Last weekend I ticked two life experiences from my bucket list – visiting the Normandy D-Day beaches and doing it in style on my 1968 Lambretta.
The Brittany ferry Normandie docked in Ouistreham at 7am on Friday morning and, consistent with the weather forecast, the sun was shining as we disembarked into the port town on the eastern-most point of the Allied invasion.
Seeing these sites in person was extremely moving and we were both swallowing hard and hiding our tears behind our sunglasses
The town was still sleeping as my scooter pop-popped through the streets with my wife riding pillion and our luggage strapped to the front and rear racks.
As we were returning on the 4.30pm Sunday ferry we had loads to cram in so, like Operation Overlord, careful planning had been undertaken to ascertain the optimum route and a base from which to operate.
Our base for the weekend was the hamlet of Vaux, equidistant between the Commonwealth and American fronts and only a few miles from the coast just outside the medieval town of Bayeux.
Riding through those sleepy coastal villages, it was hard to imagine the scene on the morning of June 6, 1944, though it wasn’t long before we saw evidence and monuments to those brave men and young boys who faced the might of Hitler’s Atlantic Wall on that fateful day.
I was pleasantly surprised as we passed through St Aubin and read a sign saying ‘Twinned with Emsworth’.
From the Sword Beach zone we headed towards the Canadian sector of Juno Beach and on to Gold Beach at Arromanches, where soldiers of General Dempsey’s 2nd Army Group were tasked with destroying a hillside gun battery before the Royal Engineers could attempt to construct the Mulberry Harbour, much of which is still visible from the shore.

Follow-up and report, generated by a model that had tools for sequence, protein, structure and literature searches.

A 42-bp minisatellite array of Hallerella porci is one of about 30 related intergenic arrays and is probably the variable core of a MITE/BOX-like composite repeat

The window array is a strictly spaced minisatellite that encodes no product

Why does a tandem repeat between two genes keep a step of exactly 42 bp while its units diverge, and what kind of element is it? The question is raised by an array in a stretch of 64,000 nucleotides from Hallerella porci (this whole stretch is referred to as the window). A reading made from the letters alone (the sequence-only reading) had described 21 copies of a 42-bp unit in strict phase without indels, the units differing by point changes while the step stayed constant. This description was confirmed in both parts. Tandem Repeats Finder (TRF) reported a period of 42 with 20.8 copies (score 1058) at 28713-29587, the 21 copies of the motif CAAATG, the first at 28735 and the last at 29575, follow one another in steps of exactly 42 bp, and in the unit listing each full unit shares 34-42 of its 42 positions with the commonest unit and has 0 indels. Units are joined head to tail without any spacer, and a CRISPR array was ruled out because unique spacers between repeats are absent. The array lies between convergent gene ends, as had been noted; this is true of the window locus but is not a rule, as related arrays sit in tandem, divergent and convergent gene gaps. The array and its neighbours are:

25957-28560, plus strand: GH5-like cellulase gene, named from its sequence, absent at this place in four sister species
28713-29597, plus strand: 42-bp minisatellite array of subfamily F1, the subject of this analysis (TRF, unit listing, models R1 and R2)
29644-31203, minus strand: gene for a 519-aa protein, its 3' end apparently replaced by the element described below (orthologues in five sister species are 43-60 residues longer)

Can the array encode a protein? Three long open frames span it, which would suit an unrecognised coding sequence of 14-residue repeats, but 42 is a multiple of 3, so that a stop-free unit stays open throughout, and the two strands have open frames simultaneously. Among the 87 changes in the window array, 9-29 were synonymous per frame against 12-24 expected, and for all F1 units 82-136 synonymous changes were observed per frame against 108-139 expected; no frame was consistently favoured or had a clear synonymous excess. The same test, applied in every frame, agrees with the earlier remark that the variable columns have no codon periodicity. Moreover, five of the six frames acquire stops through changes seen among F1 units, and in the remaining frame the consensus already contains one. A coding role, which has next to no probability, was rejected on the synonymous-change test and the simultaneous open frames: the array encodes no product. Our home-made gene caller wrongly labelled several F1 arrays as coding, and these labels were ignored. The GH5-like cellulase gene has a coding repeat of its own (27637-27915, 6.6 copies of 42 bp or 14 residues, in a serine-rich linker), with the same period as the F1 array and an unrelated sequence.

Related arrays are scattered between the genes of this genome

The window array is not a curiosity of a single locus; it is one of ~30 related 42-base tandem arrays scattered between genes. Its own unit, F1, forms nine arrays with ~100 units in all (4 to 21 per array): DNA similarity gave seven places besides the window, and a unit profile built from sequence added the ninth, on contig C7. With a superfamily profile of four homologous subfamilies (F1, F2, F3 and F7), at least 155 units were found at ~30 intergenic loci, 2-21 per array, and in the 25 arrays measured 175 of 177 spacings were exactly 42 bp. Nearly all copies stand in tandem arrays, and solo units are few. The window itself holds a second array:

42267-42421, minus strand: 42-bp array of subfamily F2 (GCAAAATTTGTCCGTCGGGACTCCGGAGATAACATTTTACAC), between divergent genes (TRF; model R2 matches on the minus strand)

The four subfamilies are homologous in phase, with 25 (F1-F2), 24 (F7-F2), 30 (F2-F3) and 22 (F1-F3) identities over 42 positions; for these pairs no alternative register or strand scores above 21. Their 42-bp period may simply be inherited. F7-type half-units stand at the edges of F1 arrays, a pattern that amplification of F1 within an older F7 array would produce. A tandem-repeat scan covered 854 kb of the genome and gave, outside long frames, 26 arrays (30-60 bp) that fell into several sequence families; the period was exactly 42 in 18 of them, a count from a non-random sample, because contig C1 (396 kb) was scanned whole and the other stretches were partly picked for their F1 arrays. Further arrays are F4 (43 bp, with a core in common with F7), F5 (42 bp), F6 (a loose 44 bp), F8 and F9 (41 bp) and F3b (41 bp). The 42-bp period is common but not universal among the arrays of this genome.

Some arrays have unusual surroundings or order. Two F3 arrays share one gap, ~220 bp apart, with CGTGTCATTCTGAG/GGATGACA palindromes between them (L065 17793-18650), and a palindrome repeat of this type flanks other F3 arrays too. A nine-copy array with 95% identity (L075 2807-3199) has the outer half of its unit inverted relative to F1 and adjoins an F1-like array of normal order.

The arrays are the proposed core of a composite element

On Saturday we visited Omaha Beach, the bloodiest of all landing zones, before riding further west to Pointe de Hoc, another elevated gun battery where, under fierce enemy fire the US Rangers scaled the cliffs and destroyed the guns, preventing the enemy from pounding the ships offshore. Seeing these sites in person was extremely moving and we were both swallowing hard and hiding our tears behind our sunglasses.
However, visiting both the US Cemetery at Omaha and the Commonwealth Cemetery in Bayeux, where more than 13,000 soldiers are buried, was the most humbling experience of all.
As our ferry departed in the beautiful sunshine we experienced mixed emotions.
Our trip could not have gone better, yet our hearts were heavy knowing more than 37,000 young men, killed in the Battle of Normandy, never returned.
Antiques expert John appears on TV shows including Cash In The Attic and Put Your Money Where Your Mouth Is and also runs Nesbits auction house in Southsea. E-mail firstname.lastname@example.org or call (023) 9229 5568.